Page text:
- Chinese buying of Pakistan-made goods fell sharply in the first half of 2016-17 to $770 million against $1.02 billion a year ago
- Chinese Ambassador to Pakistan Sun Weidong said that Pakistan is not producing the goods that are needed in China
In a rare show of candour, a Chinese envoy has said that China has little interest in importing goods produced in Pakistan. It would be ready to import only after Chinese factories are established in Pakistan, and they begin manufacturing, the envoy said.
Explaining the reason behind the China-Pakistan trade imbalance, Chinese Ambassador to Pakistan Sun Weidong said that Pakistan is not producing the goods that are needed in China. But the situation will change when Chinese companies start producing such products in Pakistan, he said during a meeting with leaders of the Federation of Pakistan Chambers of Commerce and Industry (FPCCI) in Islamabad, according to several media reports.
The statement confirms rising concerns that Pakistani business may have little to gain from the much-hyped China-Pakistan Economic Corridor (CPEC) because it would largely benefit Chinese business. New infrastructure would not only provide construction contracts, they will also help to create the right situation for establishing Chinese factories.
Despite promises of support from China, which describes itself as Pakistan’s “iron brother”, Chinese buying of Pakistan-made goods fell sharply in the first half of 2016-17 to $770 million against $1.02 billion a year ago. The full year data for 2016-17 is not yet available but early indications show a steep slide.Pakistan’s exports to China has been continuously falling from $2.69 in 2013-14 to $1.9 billion in 2015-16.
Compared to these numbers, China has been promising the moon painting a picture of 16-fold increase in Pakistani exports.
“Pakistan can enhance its exports to $35 billion for which serious efforts are needed,” Sun was quoted by the Pakistani media as saying during discussions with FPCCI leaders.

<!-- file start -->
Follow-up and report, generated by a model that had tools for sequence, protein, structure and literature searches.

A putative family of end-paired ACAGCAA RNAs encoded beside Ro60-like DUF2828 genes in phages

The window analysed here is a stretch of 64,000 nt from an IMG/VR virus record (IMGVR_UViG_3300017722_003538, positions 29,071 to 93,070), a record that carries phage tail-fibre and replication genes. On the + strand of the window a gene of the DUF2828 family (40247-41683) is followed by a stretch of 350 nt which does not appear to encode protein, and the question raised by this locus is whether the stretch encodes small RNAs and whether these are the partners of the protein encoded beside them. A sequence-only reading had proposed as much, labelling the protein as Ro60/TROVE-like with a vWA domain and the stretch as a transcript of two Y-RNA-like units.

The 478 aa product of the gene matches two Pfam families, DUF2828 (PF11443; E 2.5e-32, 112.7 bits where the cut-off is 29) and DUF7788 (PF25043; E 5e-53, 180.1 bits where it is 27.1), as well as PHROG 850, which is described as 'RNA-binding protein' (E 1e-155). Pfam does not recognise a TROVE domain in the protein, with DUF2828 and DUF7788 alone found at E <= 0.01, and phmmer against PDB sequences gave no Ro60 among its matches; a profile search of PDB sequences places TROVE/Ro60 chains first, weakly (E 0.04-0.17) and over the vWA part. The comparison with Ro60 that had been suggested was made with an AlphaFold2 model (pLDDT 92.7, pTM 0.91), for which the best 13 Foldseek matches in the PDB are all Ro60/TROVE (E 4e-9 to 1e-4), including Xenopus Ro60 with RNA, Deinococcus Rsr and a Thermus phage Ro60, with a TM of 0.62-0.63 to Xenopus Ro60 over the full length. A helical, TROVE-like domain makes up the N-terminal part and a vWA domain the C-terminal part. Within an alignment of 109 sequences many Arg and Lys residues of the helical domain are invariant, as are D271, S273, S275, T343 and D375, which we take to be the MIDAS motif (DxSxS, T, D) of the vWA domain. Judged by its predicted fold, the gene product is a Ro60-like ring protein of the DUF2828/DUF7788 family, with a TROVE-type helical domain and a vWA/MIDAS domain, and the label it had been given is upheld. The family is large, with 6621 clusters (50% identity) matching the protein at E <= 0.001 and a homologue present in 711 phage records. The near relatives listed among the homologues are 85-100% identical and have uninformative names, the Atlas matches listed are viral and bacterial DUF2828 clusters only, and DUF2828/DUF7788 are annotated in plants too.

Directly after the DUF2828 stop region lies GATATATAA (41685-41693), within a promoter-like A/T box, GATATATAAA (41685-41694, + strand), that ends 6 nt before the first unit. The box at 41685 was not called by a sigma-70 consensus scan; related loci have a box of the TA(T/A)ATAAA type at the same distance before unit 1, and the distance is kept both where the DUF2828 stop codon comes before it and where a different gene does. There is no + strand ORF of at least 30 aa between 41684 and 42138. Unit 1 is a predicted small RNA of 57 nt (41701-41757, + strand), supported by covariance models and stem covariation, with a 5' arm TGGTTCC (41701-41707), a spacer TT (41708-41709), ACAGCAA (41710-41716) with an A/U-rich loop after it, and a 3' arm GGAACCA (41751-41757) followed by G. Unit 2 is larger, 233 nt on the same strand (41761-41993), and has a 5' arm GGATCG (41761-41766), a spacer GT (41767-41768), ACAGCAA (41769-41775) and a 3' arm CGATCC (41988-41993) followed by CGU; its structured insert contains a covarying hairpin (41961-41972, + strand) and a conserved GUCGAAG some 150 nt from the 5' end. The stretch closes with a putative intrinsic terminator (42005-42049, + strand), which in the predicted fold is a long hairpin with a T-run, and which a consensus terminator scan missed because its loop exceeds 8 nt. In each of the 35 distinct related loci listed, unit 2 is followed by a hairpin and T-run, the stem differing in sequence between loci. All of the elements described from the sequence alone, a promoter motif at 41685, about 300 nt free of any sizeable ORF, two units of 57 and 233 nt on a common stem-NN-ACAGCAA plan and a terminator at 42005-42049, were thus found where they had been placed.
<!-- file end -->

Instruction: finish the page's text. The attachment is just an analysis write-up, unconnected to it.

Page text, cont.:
Such tall claims have raised serious questions which are being voiced by a section of Pakistani intelligensia and the media.
“There is a fear lurking in the shadows of CPEC that a time will soon come when the Chinese will start dictating terms and priorities rather than negotiating them,” the Dawn in Pakistan said in an editorial on Sunday.
“As an increasing number of Chinese enterprises acquire stakes in Pakistan’s economy, and as the government takes out more and more loans from Chinese state-owned banks for the balance of payments support, the space to negotiate and protect our own interests diminishes,” it said.
This was evident in the manner China asked Pakistan to refuse a loan offer by the Asian Development Bank, and use a single source funding from a Chinese bank for the $8bn Peshawar-Karachi railway line project, the paper pointed out.
It advised Islamabad to be tougher during negotiations with China, and ensure that Pakistan’s interests are protected.
Responding to concerns expressed by the Pakistani business community, Sun said no Chinese company would be allowed to install used machinery in Pakistan and transfer of technology would be made a prerequisite.
“Settling energy crisis in Pakistan is our top priority and we will add 11,000 megawatts of electricity to the national grid as soon as possible through highly efficient power plants,” he said.
“After overcoming the energy crisis, we will develop infrastructure and in the last leg initiate the process of industrialisation,” the Chinese envoy said. He emphazied that security arrangements in economic zones must be enhanced to ensure the safety of Chinese experts working in Pakistan.
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